Australia had, in part, won the honour based on the nation's reputation as a safe, friendly nation and the announcement of an unapprehended serial killer attacking tourists put officials under considerable heat to resolve it.
"A political decision was made to frame Ivan Milat," Shipsey wrote on his Facebook page.
"This is why they will not give him a retrial when even the judge said they had no proof Ivan murdered any of the victims, that alone should be enough to give Ivan a retrial."
The vengeful brother
Ivan's brother, Boris Milat, has spoken extensively to the media about his conviction in Ivan's guilt but Mr Shipsey is adamant that Boris' views are influenced by a longstanding grudge against Ivan.
Most recently he appeared alongside Mr Small to speak about revelations Milat had acted alone.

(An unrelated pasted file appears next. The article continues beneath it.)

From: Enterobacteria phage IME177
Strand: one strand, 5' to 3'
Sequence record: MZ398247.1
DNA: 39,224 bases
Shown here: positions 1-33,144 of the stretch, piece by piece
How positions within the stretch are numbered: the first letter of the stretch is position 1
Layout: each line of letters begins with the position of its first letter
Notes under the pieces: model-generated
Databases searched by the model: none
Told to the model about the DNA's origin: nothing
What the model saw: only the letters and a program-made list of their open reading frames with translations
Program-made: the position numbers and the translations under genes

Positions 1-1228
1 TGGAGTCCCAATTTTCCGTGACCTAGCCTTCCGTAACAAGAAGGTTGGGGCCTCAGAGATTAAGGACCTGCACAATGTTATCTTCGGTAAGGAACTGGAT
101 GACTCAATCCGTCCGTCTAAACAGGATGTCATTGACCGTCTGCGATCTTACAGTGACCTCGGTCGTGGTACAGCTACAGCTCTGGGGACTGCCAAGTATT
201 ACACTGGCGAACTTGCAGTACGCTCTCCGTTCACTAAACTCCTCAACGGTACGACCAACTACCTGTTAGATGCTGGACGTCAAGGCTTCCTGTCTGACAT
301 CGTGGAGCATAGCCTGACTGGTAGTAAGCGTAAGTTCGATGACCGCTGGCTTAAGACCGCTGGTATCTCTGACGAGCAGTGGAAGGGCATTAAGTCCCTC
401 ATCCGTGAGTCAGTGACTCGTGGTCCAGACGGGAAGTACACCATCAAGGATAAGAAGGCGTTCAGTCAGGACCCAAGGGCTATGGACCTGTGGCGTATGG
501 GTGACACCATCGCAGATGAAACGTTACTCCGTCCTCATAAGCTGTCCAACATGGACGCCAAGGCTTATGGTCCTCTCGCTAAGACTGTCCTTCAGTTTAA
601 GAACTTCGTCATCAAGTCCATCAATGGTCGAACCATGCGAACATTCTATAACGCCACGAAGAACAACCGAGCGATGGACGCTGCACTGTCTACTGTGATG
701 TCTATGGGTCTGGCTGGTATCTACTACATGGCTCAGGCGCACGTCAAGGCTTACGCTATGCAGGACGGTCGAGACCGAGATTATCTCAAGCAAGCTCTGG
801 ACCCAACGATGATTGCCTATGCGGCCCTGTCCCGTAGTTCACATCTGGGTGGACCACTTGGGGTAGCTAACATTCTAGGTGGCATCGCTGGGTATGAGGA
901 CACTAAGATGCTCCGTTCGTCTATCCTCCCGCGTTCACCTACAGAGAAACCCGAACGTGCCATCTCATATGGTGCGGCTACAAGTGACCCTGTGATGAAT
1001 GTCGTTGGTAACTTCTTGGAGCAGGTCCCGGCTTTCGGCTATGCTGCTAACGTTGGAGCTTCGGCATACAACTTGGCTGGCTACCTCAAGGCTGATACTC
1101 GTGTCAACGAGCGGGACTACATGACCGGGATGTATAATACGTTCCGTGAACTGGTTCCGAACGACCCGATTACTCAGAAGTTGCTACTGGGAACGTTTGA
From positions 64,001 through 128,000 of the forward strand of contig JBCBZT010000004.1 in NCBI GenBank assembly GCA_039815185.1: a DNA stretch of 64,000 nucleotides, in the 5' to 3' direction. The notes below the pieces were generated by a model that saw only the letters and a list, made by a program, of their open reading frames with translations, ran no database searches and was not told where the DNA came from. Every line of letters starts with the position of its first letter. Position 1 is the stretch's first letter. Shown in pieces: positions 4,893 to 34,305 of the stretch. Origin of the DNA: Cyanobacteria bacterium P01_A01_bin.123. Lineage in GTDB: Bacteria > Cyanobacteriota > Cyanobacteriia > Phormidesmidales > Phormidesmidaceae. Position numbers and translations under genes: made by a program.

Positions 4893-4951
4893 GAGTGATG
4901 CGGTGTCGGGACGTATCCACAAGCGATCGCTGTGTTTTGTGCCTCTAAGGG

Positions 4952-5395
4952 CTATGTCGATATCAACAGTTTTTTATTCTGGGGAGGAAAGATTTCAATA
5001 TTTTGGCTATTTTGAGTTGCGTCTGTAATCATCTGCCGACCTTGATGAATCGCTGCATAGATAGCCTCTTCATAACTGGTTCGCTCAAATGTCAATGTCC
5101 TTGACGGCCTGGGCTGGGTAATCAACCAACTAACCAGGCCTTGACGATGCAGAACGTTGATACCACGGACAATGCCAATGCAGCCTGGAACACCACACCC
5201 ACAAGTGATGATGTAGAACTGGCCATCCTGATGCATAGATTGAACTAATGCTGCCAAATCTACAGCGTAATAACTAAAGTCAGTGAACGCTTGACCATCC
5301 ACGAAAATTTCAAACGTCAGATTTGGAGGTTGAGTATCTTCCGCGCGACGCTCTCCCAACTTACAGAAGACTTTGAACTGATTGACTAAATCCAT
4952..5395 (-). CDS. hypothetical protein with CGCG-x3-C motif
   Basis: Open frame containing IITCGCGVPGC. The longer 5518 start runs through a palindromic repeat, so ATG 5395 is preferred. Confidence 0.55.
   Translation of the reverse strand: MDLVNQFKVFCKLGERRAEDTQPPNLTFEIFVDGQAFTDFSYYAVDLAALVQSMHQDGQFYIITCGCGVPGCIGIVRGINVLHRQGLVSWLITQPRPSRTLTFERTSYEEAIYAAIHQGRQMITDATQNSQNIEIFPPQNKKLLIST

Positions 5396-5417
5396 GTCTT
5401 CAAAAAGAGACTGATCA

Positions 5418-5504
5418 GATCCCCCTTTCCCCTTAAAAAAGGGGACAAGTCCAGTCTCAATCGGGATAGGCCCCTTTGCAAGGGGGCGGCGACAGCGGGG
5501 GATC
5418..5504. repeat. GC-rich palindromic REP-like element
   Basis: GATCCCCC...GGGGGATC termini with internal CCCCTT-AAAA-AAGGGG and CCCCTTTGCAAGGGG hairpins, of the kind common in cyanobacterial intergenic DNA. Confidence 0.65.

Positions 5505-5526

"He was so dirty on Ivan because he found out that the child that he brought up was Ivan's child so he would have said anything on tele to keep Ivan in there and ruin his life cos that was his plan," said Mr Shipsey.
It is understood the child was conceived when Ivan had an affair with Boris' former wife, Marilyn.
There are other points Milat's supporters claim too.
One woman who believed it was Milat who attempted to abduct her on the road to Goulburn prior to the backpacker discoveries had also reportedly come forward and apologised to Milat family members for the trouble caused to them.
This was seized upon by Milat supporters, claiming police were fitting him up.
There were rumours there was also "other" DNA found on the victims which didn't match Milat, but this information has long been discounted.
Psychologists have also highlighted how unusual it was that the one killer used varied killing methods including knives and guns and also full decapitation for one victim.
Questions have also been asked over how one person could have contained two people at a time, since six of the victims were abducted in pairs.